I really try my best to engage with social media as little as possible. In general, I’m trying to minimize phone time while social distancing, with spectacular failures nearly every day (gotta text my buds, you know?). But today, I pulled up the browser version of Instagram (which is not nearly as slick as the app on my iPhone) and saw black square after black square after black square.
The statement is definitely striking: there weren’t any beautiful photos of another Fairbanks spring, nor any cute dogs, nor any smiling friends. Just black squares. I must say that it wasn’t very interesting to mindlessly scroll through Instagram anymore, which is one of the intended purposes of Blackout Tuesday: to get scrollers off social media and devote their newly found free time to learning about and taking action against racial inequity in our country.
This is admirable, and I feel hopeful seeing how many of my friends are making a statement. However, something didn’t quite sit right with me. It almost seemed too easy to put up a black square and then go on with your day. How many black square posters were actually researching racial inequity, the Black Lives Matter movement, which organizations fighting for justice were the best to donate to, etc.? And were doing so for the same number of minutes or hours that they spend on social media in any given day? Hopefully most. But, and perhaps this is pessimistic of me, likely not everyone.
Was this just another form of comfort and complacency?
I wanted to do some research on the black squares, so I did. And this is what I found.
I started with Sylvan Esso, a group that wins the award for my biggest musical crush of all time. This is what Amelia posted today. What she said really resonated with how I was feeling.
Under her post, I saw some comments about how posting black squares might be a big first step for some people, which I absolutely agree with. My mission here isn’t to bring down anyone who posted a black square. It’s to say that doing so didn’t seem quite right to me. What seems right to me is to post what you need to on social media, and then go out and make more noise. Or skip the black square and create a post like Amelia’s, one that acknowledges her privilege, illustrates what she will do to move past complacency, and still makes a statement in support of Black lives.
I spent my day learning and listening.
I can’t remember how I got to this page, but it provided an afternoon of learning. The National Museum of African American History & Culture just released a “Talking About Race” web portal where you can learn about the history of slavery, how to educate children and adults on issues of race, and how you can take care of yourself while fighting for equality.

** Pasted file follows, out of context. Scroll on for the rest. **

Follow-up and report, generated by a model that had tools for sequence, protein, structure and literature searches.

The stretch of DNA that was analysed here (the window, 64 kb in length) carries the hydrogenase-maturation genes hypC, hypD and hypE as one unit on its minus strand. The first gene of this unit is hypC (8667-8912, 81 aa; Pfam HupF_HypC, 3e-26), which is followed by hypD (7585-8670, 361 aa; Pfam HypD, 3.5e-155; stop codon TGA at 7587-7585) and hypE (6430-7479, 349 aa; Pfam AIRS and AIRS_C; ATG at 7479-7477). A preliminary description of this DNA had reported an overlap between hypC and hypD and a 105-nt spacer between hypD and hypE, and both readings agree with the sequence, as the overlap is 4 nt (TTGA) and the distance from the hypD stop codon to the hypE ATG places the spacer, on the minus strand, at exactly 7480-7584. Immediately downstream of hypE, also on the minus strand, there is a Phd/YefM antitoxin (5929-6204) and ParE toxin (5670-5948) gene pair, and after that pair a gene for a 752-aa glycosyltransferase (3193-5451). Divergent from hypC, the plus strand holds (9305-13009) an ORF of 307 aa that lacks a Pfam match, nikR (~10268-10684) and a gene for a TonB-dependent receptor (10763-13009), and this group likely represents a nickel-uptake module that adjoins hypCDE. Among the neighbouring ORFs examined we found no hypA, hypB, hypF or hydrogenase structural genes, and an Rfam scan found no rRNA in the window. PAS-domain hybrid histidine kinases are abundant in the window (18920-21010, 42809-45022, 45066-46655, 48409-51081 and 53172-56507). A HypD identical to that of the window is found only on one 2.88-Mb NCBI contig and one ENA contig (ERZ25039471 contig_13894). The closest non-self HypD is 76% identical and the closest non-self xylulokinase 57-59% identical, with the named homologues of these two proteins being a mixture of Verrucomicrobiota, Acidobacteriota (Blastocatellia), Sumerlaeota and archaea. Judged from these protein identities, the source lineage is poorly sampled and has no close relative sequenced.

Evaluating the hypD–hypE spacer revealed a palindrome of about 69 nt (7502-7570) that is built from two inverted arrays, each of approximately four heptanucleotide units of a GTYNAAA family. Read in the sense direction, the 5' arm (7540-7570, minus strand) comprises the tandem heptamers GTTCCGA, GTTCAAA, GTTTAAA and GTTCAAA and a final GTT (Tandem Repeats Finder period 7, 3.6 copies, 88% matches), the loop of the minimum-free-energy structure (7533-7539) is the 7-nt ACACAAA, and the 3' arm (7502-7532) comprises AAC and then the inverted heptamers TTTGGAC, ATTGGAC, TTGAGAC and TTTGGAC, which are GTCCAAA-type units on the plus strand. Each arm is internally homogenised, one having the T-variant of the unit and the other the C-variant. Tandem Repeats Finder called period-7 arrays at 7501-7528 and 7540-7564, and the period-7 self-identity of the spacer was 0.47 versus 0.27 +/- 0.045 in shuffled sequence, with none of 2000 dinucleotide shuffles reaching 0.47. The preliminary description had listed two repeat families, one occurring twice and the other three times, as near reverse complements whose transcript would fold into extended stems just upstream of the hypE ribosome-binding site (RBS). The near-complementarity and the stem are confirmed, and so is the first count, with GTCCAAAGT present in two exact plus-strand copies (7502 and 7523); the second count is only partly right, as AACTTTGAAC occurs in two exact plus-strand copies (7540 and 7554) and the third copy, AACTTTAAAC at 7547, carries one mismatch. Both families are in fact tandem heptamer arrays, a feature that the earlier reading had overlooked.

I read through the Historical Foundations of Race article and deepened my understanding of how oppressing Indigenous and Black people has been intimately woven into the fabric of America’s establishment and subsequent 350+ years (this PBS Origin of Everything video does a wonderful job of condensing the article into a 10-minute watch). The portal is an excellent resource for someone like me who is just beginning to learn about systemic racism and who wants to learn how to talk about it.
I spoke to my friend Julia today and shared the “Talking About Race” web portal with her (she’s an elementary school teacher). She shared with me the Black Lives Matter playlist on Spotify, which I’ve been listening to while writing this.
I also found President Obama’s Anguish and Action page, where he shares resources about police violence, how to support reform, and engagement opportunities.
For me, the learning has begun.
It wasn’t comfortable writing this post. I kept thinking: “Is this going to offend someone?” and “Have I done enough today?”. I kept imagining that others would think things like, “So, just because she listens to a Spotify playlist she thinks she’s an expert?”.
I think these kind of unhelpful imaginings are what has kept me quiet for so long. If I don’t express my thoughts about race and privilege and my desire to share what I’ve learned, then I’m safe. I can’t offend anyone and I can pretend I’m not a part of the oppressive systems in our country.
But something happened today when I took the time to start my research into racial inequities. I now feel fired up and empowered. I want to keep learning and sharing and helping. I want to dissolve any notion of “otherness”. I want to both embrace the black squares and go far, far beyond the statement they carry. Will you join me?